Here on one page are descriptions of intellectual property rights under law in Australia. It’s part of our series defining key concepts relevant to IP and innovation (see further reading list).
Questions answered include – What subject matter attracts the rights? How do you get the rights? How long do rights last?
- Patent Act 1990 (Cth) – Two types of patents are available. A standard patent provides protection for 20 years of “any manner of new manufacture” granting to its owner the exclusive right to manufacture, licence or use the product or process. A four year extension is available for some pharmaceutical patents. The application process takes 2-4 years and the examination process is compulsory. An innovation patent provides protection for a maximum of eight years for an incremental invention that would not be sufficiently inventive to qualify for standard patent protection. The application process takes 6-12 months. Like design registrations, examination is only compulsory for formal requirements and a registration can only be enforced against an alleged infringer if the registration is examined for substantive compliance with legislation.
- Trade Marks Act 1995 (Cth) – Protection is provided under the Act for a sign (eg word, logo, shape, design, sound, scent or combination of them) that is capable of distinguishing the goods or services of one person from those of another. The duration of the monopoly can be indefinite if renewed, but some conditions apply. The first period of registration is 10 years, renewals are for 10 years. Australia is a party to the Madrid Protocol which facilitates international registration of trademarks.
- Subject to the availability of evidence, protection of unregistered trademarks, business names, corporate identity, brands, titles and goodwill can be obtained in court proceedings applying for remedies under the Trade Practices Act 1974 (Cth), state Fair Trading Acts, passing off law and some advertising-specific laws.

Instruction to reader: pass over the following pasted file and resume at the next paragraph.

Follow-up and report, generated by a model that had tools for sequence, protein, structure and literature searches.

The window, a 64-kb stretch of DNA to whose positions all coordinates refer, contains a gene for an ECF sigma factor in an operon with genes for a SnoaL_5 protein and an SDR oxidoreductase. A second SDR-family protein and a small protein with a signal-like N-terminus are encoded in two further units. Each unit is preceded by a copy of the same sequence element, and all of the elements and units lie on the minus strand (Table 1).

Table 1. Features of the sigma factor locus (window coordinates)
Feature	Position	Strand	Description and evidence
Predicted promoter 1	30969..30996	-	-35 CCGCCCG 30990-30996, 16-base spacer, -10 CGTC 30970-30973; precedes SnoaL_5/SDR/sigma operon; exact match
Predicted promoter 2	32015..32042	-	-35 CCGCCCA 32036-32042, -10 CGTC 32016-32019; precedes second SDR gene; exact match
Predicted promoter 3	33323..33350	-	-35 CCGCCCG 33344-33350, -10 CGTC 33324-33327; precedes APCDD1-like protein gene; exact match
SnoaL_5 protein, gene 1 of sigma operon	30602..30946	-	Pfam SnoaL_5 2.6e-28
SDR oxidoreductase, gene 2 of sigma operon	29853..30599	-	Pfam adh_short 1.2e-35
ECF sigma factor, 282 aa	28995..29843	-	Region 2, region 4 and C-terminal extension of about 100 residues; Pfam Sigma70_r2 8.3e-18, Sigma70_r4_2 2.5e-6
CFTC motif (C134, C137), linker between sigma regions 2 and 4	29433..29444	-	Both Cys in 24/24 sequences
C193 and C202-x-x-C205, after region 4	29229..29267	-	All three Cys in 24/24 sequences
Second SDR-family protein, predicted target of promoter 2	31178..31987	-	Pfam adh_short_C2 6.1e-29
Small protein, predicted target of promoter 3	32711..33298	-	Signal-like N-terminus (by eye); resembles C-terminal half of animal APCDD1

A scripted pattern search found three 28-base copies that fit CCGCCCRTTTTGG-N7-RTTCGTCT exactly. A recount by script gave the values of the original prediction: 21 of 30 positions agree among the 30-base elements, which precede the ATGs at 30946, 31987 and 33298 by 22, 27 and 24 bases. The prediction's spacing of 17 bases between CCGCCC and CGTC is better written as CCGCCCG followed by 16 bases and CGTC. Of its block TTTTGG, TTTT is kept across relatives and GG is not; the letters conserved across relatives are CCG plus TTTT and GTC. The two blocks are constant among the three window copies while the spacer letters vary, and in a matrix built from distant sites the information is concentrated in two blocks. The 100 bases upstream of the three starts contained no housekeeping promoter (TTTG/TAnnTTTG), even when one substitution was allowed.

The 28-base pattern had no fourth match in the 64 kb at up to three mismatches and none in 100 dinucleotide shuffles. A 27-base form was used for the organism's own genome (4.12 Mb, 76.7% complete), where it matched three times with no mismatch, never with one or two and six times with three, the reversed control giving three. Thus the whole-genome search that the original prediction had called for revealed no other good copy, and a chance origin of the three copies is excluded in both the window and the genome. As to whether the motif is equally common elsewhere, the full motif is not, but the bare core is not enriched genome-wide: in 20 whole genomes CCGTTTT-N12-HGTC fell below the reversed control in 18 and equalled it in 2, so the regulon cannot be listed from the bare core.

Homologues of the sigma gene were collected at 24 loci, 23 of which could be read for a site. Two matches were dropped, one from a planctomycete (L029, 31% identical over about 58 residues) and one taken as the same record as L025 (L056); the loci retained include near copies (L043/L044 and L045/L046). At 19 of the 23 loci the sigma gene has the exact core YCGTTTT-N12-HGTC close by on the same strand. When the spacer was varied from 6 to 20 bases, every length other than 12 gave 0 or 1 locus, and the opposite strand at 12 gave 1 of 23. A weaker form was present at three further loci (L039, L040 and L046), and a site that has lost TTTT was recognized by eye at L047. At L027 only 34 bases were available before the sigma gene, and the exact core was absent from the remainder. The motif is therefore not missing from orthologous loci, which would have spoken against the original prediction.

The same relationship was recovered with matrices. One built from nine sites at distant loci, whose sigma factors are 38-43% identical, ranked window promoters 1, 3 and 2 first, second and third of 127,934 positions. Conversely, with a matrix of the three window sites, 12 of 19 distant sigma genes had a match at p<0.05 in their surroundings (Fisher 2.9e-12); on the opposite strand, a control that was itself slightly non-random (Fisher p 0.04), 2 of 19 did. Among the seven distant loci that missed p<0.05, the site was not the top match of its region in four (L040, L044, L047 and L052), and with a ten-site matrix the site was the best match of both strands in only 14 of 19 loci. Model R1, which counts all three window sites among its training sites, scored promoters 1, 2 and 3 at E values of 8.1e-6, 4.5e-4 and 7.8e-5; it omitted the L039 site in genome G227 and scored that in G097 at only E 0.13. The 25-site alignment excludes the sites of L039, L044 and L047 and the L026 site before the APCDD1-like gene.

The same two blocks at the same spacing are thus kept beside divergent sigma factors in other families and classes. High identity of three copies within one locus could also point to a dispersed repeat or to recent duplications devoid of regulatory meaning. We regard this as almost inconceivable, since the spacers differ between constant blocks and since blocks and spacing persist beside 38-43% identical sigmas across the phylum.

- As regards domain names and cybersquatting, protection is available internationally under the Uniform Dispute Resolution Policy and the auDRP (which only deals with domain name cases concerning country code top level domains (ccTLDs) in Australia).
- Copyright Act 1968 (Cth) – Protection is provided for subject matter divided into “works” (literary, dramatic, musical or artistic), “subject matter other than works” (sound recordings, cinematograph films, sound and television broadcasts and published editions of works) and for some other subject matter (eg performances). Literary works includes computer programs. The Act’s “fair dealing” concept is not as broadly defined or interpreted as is the case with the U.S. law concept of “fair use”. Unlike the position in the U.S., the Act incorporates extensive moral rights provisions.
- Designs Act 2003 (Cth) – Protection of the new and distinctive shape, configuration, pattern or ornamentation of a product, being features judged by the eye, but not including a method or principle of construction. Registration lasts for five years from the lodgement date, then renewable for 10 years. Application process takes 6-12 months.
- Plant Breeders Rights Act 1994 (Cth) – Protection of new plant varieties may be registered, with the result that the registered proprietor gains the exclusive rights for 20 years (from the date of application) to sell and produce for sale the registered variety, and its reproductive material, and to use the name registered for the plant.
- Circuit Layouts Act 1989 (Cth) – Protects eligible layouts or integrated circuits for a period of 10 years from the date of making or first commercial exploitation. No registration regime exists or is required.
- Confidential Information Law – Protection of information given in confidence, trade secrets and secret know-how. Monopoly rights can be held indefinitely but if the obligation is imposed on third parties the prudent practice is to limit the duration of required protection. Protection is not subject to the existence of any contract, document or other form of writing.
 See for example Hogan v Koala Dundee Pty Ltd (1988) 83 ALR 187 in which interests associated with Paul Hogan were successful in action against the defendant’s unauthorised use of images deriving from the plaintiff’s hugely successful film, Crocodile Dundee. See also Hutchence v South Seas Bubble (1986) 6 IPR 473 and more recently Hansen Beverage Company v Bickfords (Australia) Pty Ltd  FCAFC 181.
Credits: This week a Percy Trompf (1902-1964) poster of the Astra Hotel (established 1886) at Bondi Beach, Sydney was sold for a record price according to today’s Australian Financial Review. Good excuse to feature it here, along with another of his works.